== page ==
Dry bean is a short stature crop that does not often form a complete canopy until mid-July. It is a very poor competitor to weeds and must be grown on fields that are relatively weed free. Control of perennial weeds such as Canada thistle and sow-thistle must be done in the year previous to dry bean production.
As dry bean is not seeded in Saskatchewan until May 25, there is time to apply a pre-emergent burn-off herbicide to control early emerging and perennial weeds before the crop emerges. Bean is susceptible to the soil residues of many of the herbicides used for broadleaf weed control prior to seeding with the exception of glyphosate, Gramoxone, and Pardner/Koril. This may make the control of glyphosate-resistant canola volunteers more difficult.
Plants in the wheel tracks of ground sprayers/applicators in emerged crops may be later maturing than the rest of the crop. This can seriously complicate the timing of harvest. Tramlines should be considered in narrow-row bean production to reduce this problem.
For an up-to-date list of registered herbicides, consult the product labels or the Guide to Crop Protection. Be sure to check the herbicide labels before application because some products are not registered on all classes of dry bean. For example, Pursuit is registered on pinto, pink and red varieties only.
Early application of herbicides is important to control weeds and improve yields. Green weeds at harvest time can lead to staining and downgrading of the crop. Successful control of broadleaf weeds is a very important factor in narrow-row bean production as no between-row cultivation is possible. Some solvent burning may occur on the crop leaf surface, but experienced bean growers have found that often a second application of post-emergent broadleaf weed herbicide is required for improved yields and to reduce harvest problems with weeds.
Dry bean seedlings are very sensitive to spray drift from herbicides for broadleaf weed control found in Herbicide Group two and four, and from glyphosate, Liberty, and Amitrole.
Pre-harvest perennial weed control with glyphosate is registered in dry bean. Application should be done when the seed moisture is below 30 per cent, the stems are green to brown and the pods are mature, with 80 to 90 per cent of leaves already dropped. Do not use planting seed that has received a pre-harvest application of glyphosate.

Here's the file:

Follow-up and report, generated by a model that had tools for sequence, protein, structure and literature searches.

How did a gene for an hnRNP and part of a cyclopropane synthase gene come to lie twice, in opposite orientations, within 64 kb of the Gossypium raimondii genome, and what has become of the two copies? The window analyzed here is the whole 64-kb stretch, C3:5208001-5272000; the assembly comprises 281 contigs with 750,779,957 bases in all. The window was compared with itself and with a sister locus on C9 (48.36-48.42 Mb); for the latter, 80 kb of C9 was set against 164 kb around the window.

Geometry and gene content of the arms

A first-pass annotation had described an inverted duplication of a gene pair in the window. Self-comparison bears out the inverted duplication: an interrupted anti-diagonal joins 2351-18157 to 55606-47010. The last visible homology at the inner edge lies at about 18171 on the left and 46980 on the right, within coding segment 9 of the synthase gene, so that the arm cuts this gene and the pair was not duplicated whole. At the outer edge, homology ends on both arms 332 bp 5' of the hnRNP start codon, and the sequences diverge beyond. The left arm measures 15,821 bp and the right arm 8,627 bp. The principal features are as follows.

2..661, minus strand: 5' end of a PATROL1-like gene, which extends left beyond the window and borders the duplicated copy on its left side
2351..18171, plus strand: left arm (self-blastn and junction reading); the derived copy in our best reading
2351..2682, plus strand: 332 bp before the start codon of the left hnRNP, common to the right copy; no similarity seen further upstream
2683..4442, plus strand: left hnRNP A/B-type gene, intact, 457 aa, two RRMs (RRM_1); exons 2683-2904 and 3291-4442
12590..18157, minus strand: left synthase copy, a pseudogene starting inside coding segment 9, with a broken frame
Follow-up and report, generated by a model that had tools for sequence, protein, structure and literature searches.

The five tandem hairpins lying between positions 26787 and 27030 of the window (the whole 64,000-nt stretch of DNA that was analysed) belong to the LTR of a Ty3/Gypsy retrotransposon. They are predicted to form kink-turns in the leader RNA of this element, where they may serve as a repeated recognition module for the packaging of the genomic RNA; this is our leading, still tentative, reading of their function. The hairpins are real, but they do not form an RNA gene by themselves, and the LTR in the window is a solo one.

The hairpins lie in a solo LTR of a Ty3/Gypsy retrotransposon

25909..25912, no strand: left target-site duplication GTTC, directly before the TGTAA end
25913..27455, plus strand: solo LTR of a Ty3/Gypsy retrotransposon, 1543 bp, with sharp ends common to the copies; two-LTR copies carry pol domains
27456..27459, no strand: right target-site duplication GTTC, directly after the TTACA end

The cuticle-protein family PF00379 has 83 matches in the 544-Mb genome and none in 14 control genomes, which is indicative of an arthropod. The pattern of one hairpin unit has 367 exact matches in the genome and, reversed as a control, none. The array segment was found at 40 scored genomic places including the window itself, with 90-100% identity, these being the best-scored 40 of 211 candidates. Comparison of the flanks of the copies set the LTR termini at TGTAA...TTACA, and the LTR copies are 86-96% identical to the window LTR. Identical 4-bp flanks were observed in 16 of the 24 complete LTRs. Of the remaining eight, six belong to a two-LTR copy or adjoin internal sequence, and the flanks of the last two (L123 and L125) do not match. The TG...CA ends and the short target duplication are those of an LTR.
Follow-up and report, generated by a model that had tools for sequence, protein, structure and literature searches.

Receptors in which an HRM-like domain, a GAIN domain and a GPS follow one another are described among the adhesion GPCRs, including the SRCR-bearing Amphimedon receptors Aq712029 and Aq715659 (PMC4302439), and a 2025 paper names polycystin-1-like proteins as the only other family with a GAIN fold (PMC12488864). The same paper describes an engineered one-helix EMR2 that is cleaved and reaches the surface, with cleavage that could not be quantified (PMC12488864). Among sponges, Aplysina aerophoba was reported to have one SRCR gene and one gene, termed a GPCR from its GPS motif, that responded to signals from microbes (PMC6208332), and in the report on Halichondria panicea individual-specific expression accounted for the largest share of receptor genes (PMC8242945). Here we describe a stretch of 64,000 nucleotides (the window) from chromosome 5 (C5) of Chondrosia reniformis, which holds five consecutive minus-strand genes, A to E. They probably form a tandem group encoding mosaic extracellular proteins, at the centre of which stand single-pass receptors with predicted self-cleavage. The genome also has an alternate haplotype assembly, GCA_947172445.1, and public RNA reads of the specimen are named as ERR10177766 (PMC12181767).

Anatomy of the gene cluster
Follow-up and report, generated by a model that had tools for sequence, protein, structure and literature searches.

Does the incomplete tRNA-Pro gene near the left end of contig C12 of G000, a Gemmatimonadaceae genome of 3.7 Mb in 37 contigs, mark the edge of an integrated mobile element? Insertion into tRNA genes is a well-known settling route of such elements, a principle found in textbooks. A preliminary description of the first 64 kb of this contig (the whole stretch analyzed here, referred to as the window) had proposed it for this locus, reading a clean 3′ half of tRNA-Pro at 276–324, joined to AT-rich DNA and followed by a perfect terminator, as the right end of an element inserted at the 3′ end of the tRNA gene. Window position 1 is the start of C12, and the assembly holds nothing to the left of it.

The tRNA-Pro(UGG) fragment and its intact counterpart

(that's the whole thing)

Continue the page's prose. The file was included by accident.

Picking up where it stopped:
Dry bean suffers from a complex of seed rot and seedling blight diseases caused by (Fusarium), (Rhizoctonia) and (Pythium). These disease pathogens are present in all Saskatchewan agricultural soils and can infect and kill individual seedlings from the germination to the pod-filling stage. Lesions develop at the base of the stem, causing discolouration and constriction of the stem. Diseased plants turn yellow and die. Usually, only scattered plants are infected. However, these diseases can cause economic loss. Fusarium is more serious in dry years and plants suffering from the disease show stunted yellowed leaves, form fewer pods and produce smaller seeds.
The best way to prevent seedling disease is to observe a proper crop rotation where dry bean is planted no more than once in four years. The use of vigorous seed can reduce the risk of seed rots and seedling blights.
A number of seed treatment fungicides are registered on dry bean for the control of seedling diseases. For more information about these products see the Guide to Crop Protection. Some products are available to commercial seed treaters only.
These fungicides can impact the viability of nitrogen-fixing inoculant products. The use of an in-furrow granular inoculant can minimize contact with treated seed. Always check the inoculant label or contact the manufacturer for more information on the compatibility of seed treatment fungicides and inoculants.
Dry bean seedlings can suffer from bean common mosaic virus or yellow mosaic virus. The symptoms include stunted and spindly plants, producing few pods and small, off-colour seeds. Leaves appear puckered and twisted.
The viruses are is spread by insects such as aphids, and can also be spread by planting infected seed. Bean plant breeders have developed varieties that are resistant to a number of strains of viruses. Growers should use virus-free seed to prevent the diseases.
Rust (Uromyces appendiculatus) of dry bean is not common in Saskatchewan and occurs primarily on pinto varieties. Symptoms include the development of slightly raised, rust-coloured pustules on the leaves. These pustules often have a yellow halo.
Rust infection is favoured by moderate temperatures (16 to 25ºC) and 10 to 18 hours of leaf wetness. Infection and pustule development is greatly reduced if dry and warm conditions occur.
Several species of bacteria can cause blight in dry bean, but the two most common are common blight (Xanthomonas campestris pv. phaseoli) and halo blight (Pseudomonas syringae pv. phaseolicola). These foliar diseases are favoured by wet, windy weather, and can be spread through the field by mechanical operations and hail. Symptoms include lesions on leaves and stems, which start as small water-soaked spots. These small spots coalesce into large brown lesions and are surrounded by a yellow margin (halo). A crop rotation with at least two years between bean crops will help to reduce the risk of the disease.
Sunscald or herbicide solvent burn can cause similar symptoms as bacterial blights. Make sure the problem has been properly identified before control measures are taken.
Common and halo blights are seed-borne and residue-borne. The use of bacteria-free seed is essential to prevent the disease.